Memories of a First World War Suffolk Regiment infantry man
PUBLISHED: 13:32 09 November 2018
ARCHANT EASTERN DAILY PRESS (01603) 772434
Arthur Bantick recalled his memories of serving as an infantryman with the 7th Battalion Suffolk Regiment in World War I, Sabrina Johnson reports
Arthur Bantick, was born in Pakenham in 1894, the seventh son of Harriet and William Bantick, on November 9, 1914 he enlisted with the 7th Battalion Suffolk Regiment. He was passed fit for service on Sunday, November 10 and quickly sent to training camps in Folkestone and Farnborough before being dispatched to Boulogne in France on May 31, 1915. During the war he saw considerable service on the Western Front but in March 1917 was reported missing. It was later discovered that he was among a group of more than 400 prisoners of war captured by the German Army.
Returning to Pakenham after the war, in the 1980s at the request of his daughter L/cpl Bantick compiled his notes and wrote down his memories, which were later transcribed word for word.
In July 1915, after marching for six days with a full pack on cobbled roads under scorching sun Bantick and his regiment arrived in Neippe, where they got their first glimpse of the front: “At this place at night, we could see the firework display at Plougsteert trenches a few kilometres away and occasionally heard the crump of a coal-box. We were all excited as to when we should actually experience trench warfare in reality. On the 7th July, our promise was fulfilled and we were taken into the trenches.”
From then on L/Cpl Bantick and his regiment spent their time rotating between the front and their billets.
On one re-posting to the front he recalled: “That march across the battlefield one will never forget who were there, the scarred bodies of our brave lads, horses blown to pieces, transports scattered everywhere, trenches and a few ruins a mass of crumbling dust, barbed wire entangled in human bodies, and groans of our dying comrades and those of the enemy.”
On October 13, 1915, his brigade was posted to lines at Holenzollern Redoubt: “At noon about 600 of our guns were pouring lead and shell into the enemy lines. One thought is it possible that human beings can live under such bombardment.”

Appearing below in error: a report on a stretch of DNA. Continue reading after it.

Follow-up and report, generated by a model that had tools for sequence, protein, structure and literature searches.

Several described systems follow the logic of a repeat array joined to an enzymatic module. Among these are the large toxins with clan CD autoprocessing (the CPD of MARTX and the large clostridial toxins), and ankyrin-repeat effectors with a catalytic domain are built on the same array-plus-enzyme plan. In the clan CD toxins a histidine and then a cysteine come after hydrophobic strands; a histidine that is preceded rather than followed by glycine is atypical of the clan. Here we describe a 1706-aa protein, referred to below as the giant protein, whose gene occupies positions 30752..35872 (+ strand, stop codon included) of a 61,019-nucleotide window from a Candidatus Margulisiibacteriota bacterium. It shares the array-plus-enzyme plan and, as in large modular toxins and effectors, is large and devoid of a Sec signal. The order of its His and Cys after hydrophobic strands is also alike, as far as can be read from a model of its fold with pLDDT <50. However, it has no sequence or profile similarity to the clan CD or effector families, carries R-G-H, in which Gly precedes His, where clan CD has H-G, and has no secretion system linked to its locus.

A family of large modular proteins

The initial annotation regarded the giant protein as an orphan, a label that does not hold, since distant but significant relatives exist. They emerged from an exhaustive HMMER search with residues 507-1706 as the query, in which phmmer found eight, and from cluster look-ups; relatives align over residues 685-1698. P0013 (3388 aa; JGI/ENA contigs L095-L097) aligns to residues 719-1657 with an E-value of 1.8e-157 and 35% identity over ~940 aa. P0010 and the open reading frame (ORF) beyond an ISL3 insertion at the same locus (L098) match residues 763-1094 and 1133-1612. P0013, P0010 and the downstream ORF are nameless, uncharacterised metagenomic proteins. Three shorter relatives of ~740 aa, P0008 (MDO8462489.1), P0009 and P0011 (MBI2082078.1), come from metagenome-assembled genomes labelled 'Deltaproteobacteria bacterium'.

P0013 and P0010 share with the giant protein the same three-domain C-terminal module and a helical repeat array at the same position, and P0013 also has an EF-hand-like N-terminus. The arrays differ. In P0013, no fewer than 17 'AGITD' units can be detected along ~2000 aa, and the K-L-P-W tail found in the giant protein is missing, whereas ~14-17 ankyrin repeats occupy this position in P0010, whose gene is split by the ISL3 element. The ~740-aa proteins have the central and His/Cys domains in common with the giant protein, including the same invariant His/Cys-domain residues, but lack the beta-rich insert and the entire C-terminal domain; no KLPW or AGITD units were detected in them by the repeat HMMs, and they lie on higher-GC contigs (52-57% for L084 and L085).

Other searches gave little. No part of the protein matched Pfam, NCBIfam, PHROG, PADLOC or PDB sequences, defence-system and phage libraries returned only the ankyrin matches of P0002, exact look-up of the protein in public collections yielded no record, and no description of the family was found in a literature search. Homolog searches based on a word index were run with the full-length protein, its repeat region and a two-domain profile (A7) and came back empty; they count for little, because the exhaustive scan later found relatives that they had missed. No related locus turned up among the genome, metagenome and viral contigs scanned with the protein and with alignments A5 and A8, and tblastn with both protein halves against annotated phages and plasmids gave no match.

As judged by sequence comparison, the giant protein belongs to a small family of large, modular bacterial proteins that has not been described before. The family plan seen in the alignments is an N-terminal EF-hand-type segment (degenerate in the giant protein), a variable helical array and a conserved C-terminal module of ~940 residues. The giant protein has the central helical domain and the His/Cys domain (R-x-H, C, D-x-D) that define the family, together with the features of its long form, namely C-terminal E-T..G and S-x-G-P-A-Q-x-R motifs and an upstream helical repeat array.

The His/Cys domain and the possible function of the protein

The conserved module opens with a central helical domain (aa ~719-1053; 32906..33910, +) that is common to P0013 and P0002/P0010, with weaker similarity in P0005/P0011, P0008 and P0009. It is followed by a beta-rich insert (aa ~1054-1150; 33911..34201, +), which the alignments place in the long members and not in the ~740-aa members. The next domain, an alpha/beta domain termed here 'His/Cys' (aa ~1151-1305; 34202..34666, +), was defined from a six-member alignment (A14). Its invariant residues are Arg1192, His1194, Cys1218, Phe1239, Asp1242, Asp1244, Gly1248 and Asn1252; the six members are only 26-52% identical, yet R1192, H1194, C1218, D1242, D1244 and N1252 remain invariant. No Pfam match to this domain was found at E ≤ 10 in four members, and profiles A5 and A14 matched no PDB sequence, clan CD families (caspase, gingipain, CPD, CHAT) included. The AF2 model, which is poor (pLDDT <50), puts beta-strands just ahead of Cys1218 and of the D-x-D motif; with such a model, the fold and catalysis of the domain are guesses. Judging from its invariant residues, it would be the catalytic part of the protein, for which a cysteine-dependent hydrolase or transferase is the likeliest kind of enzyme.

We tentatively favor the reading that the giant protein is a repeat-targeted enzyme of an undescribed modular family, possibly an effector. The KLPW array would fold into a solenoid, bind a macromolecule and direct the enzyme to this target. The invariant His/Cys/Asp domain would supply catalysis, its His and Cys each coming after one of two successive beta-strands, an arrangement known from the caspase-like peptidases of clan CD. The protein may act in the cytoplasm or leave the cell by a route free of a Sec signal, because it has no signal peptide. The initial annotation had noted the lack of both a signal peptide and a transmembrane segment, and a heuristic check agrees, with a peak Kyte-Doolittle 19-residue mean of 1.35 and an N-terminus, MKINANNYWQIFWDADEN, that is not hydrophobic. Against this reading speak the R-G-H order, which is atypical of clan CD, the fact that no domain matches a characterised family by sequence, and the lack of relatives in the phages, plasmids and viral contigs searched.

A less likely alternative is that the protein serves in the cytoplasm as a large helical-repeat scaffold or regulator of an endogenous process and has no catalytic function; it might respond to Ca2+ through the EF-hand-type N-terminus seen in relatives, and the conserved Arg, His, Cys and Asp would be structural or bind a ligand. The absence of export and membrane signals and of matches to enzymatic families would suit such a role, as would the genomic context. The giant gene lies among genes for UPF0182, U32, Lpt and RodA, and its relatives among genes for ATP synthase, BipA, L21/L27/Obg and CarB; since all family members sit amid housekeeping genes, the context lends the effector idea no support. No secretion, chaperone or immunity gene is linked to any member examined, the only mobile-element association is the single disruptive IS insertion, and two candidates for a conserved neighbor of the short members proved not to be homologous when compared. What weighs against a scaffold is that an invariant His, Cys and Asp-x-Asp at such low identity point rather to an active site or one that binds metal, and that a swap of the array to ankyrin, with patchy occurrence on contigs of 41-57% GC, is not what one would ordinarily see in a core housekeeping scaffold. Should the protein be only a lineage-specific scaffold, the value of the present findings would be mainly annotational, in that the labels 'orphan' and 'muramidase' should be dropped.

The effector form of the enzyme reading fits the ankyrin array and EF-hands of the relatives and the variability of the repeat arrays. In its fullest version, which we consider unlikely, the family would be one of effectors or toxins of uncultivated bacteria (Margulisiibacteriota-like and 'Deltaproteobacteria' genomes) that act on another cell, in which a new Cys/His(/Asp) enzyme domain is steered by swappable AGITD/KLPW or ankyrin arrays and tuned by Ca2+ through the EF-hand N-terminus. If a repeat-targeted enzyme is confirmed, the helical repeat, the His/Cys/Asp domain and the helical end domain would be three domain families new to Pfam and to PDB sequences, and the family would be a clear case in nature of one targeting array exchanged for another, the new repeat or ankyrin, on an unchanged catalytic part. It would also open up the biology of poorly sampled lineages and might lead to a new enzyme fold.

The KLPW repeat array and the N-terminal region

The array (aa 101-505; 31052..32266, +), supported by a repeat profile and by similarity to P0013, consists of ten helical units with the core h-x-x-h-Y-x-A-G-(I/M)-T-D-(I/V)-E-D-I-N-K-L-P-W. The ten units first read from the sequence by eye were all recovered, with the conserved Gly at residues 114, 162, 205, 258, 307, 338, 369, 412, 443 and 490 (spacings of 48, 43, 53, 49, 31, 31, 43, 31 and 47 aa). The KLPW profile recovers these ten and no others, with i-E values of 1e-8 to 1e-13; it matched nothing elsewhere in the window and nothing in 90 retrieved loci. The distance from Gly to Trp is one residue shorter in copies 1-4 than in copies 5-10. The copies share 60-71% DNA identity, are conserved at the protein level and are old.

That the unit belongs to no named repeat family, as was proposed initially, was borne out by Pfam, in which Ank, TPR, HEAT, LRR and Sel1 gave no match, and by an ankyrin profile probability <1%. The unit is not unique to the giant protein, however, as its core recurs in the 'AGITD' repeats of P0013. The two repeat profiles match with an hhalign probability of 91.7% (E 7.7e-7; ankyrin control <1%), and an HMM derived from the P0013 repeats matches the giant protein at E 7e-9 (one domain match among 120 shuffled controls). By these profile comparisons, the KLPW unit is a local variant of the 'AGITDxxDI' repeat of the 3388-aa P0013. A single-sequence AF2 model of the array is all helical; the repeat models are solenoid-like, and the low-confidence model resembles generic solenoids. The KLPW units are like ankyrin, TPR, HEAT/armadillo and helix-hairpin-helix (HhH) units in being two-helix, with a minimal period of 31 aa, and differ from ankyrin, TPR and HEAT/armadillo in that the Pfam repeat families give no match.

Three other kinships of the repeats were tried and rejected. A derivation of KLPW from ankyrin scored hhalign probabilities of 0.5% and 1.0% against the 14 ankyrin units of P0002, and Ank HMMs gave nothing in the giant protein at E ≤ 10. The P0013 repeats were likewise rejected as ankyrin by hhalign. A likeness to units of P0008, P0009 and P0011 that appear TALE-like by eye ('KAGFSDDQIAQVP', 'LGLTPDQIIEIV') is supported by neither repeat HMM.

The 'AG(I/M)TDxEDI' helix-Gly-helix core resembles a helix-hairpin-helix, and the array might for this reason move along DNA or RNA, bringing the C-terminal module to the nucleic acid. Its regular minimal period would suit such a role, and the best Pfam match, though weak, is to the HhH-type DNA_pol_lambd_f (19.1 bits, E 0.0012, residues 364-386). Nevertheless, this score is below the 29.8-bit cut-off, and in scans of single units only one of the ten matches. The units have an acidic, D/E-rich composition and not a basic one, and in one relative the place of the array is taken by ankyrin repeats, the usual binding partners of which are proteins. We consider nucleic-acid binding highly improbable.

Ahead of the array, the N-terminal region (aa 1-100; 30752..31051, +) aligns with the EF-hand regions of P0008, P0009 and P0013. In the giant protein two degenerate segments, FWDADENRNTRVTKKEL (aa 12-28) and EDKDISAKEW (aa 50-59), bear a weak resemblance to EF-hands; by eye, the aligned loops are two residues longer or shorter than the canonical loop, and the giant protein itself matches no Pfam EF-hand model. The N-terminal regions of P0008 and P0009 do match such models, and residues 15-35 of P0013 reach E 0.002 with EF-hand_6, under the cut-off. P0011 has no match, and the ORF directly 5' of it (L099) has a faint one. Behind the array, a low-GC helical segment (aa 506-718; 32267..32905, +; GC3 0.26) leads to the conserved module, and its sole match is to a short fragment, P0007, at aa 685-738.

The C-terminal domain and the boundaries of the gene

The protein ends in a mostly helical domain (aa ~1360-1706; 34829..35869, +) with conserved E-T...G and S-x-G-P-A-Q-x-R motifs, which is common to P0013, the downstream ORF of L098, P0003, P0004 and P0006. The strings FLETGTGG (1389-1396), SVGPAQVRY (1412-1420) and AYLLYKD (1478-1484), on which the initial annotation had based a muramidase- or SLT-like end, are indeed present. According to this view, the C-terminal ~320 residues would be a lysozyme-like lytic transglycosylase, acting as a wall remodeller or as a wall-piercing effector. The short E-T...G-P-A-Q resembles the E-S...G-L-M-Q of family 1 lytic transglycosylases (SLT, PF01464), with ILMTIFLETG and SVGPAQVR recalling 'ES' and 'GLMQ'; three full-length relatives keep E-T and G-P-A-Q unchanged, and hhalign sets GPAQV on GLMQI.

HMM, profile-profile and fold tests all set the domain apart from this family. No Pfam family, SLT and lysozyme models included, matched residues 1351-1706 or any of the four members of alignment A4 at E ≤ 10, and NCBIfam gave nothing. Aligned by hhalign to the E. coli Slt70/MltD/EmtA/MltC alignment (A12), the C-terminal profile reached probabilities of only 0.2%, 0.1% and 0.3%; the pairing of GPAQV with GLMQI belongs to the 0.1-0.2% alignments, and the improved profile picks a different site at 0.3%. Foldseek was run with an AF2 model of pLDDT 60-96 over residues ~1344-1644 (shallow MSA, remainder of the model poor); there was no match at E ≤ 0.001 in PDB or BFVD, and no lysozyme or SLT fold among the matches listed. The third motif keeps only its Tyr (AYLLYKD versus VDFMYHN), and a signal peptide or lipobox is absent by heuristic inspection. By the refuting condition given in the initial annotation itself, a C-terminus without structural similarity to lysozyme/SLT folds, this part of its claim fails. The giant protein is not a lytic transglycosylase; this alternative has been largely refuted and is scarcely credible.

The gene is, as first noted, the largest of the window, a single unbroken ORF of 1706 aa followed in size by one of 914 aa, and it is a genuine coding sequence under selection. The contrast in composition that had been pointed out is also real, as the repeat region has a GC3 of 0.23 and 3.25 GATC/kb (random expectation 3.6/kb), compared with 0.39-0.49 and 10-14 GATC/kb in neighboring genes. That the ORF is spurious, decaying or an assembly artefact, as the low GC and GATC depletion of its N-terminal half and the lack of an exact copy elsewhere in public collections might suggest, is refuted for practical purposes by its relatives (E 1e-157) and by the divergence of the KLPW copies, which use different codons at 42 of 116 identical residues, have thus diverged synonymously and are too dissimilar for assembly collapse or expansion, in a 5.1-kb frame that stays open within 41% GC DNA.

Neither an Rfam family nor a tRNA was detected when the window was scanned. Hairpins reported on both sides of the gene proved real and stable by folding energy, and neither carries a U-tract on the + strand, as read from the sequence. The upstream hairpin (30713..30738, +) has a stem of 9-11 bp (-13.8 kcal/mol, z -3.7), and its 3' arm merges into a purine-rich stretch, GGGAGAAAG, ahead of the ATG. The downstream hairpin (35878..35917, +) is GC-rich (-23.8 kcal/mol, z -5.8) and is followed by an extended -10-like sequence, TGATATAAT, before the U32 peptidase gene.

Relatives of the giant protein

In January 1916, he recorded: “One of greatest difficulties in the trenches is to fight against sleep. One of the best cures is, as soon as one feels sleepy, the only thing is to light a fag,”
L/Cpl Bantick spent his second Christmas of the war, in the village of Ambrines in France: “We had a decent repast at the village school, our menu being maconochies stew, ham and potatoes, plum-duff, beer and cigs.”
But just three months later in March 1917, following a heavy shelling in the trenches at Arras L/Cpl Bantick was injured and taken prisoner: “No one can realise what it means being taken a prisoner, only those who are taken, for immediately you are captured you seem to be severed from the outside world.”
He spent the remainder of the war in German work camps and hospitals, surviving a severe attack of pleurisy and Spanish Flu. On August 31 1918, his was among 400 men to be put on a trains to Switzerland arriving in Berne on September 1 1918. On November 11, 1918 when news the armistice had been signed he remembered: “It was 6pm, Monday when the news came and we all went mad with the thoughts of getting home to Blighty. On November 12 flags decorated our hotels and a thanksgiving service was held in the little church for the success of our arms.”
L/Cpl Bantick began his journey home on December 4, 1918 arriving six days later on December 10, his five brothers and eldest sister who served as a Voluntary Aid Detachment also all returned home from the war alive.